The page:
The creation of the Community Safety Partnership (CSP) Program traces its roots in public housing, specifically Jordan Downs in Watts. In the 1995 case Zuniga v. Housing Authority of the City of Los Angeles — where five of thirteen family members were killed by “drug dealers” in a Jordan Downs unit, after the Zuniga family had called the police multiple times and filed a request to HACLA to move units after being warned by previous tenants that this was a problem — HACLA was found legally responsible since they did not protect their tenants and provide safe housing, thus formalizing HACLA’s obligation to ensure its residents’ safety. This was initially accomplished through supplemental policing contracts, which created a HACLA PD.
The first CSP program was established in 2011 by HACLA, the LAPD, and the Mayor’s Office of Gang Reduction and Youth Development (GRYD) in Jordan Downs, later expanded to Nickerson Gardens, Imperial Courts, and Ramona Gardens. The LAPD claims that the program, “is an opportunity for officers to work side by side with residents and community members to develop and implement sustainable programs, eradicate crime, address quality of life issues all while simultaneously bridging the gap between the community and the LAPD.”
Prior to the implementation of CSP, very little research had been done to prove this would be a successful model. It took until 2020 for UCLA Luskin to create the first CSP Evaluation Report where they only studied two of the four existing programs for a year at Jordan Downs and Nickerson Gardens.
The researchers interviewed several CSP officers, residents and stakeholders most of which described “an overall lack of knowledge surrounding the CSP model, its components, and its ongoing implementation. Accompanying the general lack of understanding about CSP, data from both sites indicated there is weakened fidelity to the model that does exist.”
While Mayor Garcetti and Councilmembers like Joe Buscaino (who sat on the advisory committee for the report) tout the successful findings that CSP does in fact work, LAist reported the evaluation was “funded by the Weingart Foundation and the Ballmer Group, among other donors — some of the same groups that paid for an expansion of the CSP program in 2017.” The reality is that residents have continued to be hurt by community policing the same way as traditional policing.
“In the 90s I lived in Jordan Downs, Watts. Back then we didn’t hear about CSP until a few years after. We were told there was going to be a new security program that would involve LAPD.The experience I had with this program is negative,” said Jaime Zeledon. “This is a discriminatory and racist program that targets people of color in housing developments. We’ve seen how the police take photos of them nude and put their names in their database. It’s labeling them as gang members and criminals. And if you’re Latino it’s worse. If you don’t have documentation, the LAPD turns them over to ICE.”
With police already starting to move into the community many are worried that HACLA is putting pressure on gentrifying public housing by selling units to the Rental Assistance Demonstration (RAD) who are already redeveloping Jordan Downs into mixed income housing.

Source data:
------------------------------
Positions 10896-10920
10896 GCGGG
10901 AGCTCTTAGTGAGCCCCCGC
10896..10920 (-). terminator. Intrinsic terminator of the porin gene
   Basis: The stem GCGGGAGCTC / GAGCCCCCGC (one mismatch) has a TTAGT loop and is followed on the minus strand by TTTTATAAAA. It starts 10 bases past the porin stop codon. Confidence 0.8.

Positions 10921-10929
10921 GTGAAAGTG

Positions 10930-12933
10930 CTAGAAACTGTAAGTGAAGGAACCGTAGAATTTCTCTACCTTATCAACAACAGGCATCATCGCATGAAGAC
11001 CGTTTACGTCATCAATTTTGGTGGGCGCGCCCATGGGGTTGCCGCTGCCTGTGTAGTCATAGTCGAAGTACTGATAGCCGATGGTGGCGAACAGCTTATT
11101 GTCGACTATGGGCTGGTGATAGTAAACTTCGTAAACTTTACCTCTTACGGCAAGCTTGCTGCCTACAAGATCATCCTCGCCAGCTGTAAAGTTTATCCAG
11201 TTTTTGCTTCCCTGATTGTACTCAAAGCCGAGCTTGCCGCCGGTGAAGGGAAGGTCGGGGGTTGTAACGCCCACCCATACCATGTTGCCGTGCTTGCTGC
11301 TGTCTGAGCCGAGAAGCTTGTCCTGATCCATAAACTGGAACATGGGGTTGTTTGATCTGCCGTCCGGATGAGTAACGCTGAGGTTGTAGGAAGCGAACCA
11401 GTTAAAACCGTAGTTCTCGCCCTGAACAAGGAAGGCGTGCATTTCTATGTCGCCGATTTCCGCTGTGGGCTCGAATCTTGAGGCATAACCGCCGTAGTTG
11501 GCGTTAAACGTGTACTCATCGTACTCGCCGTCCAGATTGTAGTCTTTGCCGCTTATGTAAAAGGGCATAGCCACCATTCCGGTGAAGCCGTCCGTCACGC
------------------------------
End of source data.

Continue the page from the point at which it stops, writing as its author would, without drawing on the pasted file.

“They need to reinforce these areas with police force so if people that are removed they happen to come back and find they would no longer qualify, the police would be there to further oppress them,” said Vega.
What Residents Actually Want
Jose Estrada, who’s originally from Honduras, is a community organizer with POWER and has been working with residents of San Fernando Gardens and Mar Vista Gardens for almost four years. He knows of residents that owe $4,000 to 5,000 dollars in rent who aren’t receiving any help, and once the rent moratorium is over he believes they’re going to be evicted. Rent relief is one of the many ways residents and organizers believe the $9 million CSP budget could have been redirected to.
Mental health issues, drug abuse and school retention are a few of the many problems that residents deal with and have yet to see any program be funded to help them. “We would want to help the Black and Latino youth residents and also empower single mothers whose children are going through drug abuse.” said Zeledon. “Instead of having more police involved I would like to see more programs to train youth in technology, to get their GEDs and go to community college, and empower single mothers, not to evict them.”
Vega witnessed her son struggle to keep up with school and had to find outside help when he needed to do math tutoring, even though HACLA states that one of their resident services is educational development. “I’ve made the sacrifice to pay for tutoring classes for my son. I told an executive director of HACLA, why not help kids in math at a younger age rather than just in high school? When a child knows math, their self-esteem is higher and they excel in more classes.”
Vega wants the democratic process that was promised to her by HACLA when she joined RAC because there’s no vision for CSP, but rather put that funding to secure the future of housing residents. “Why can’t we make video-game tournaments with awards and prizes? That would be great for children nowadays. Also, if we were to provide laptops, kids would be able to get a laptop as long as they finish an entire training class to receive their own laptop and they would have to graduate to motivate them. That is my personal vision. Like MLK said, ‘I have a dream.’ Give our people empowering tools so they can become leaders in the future.”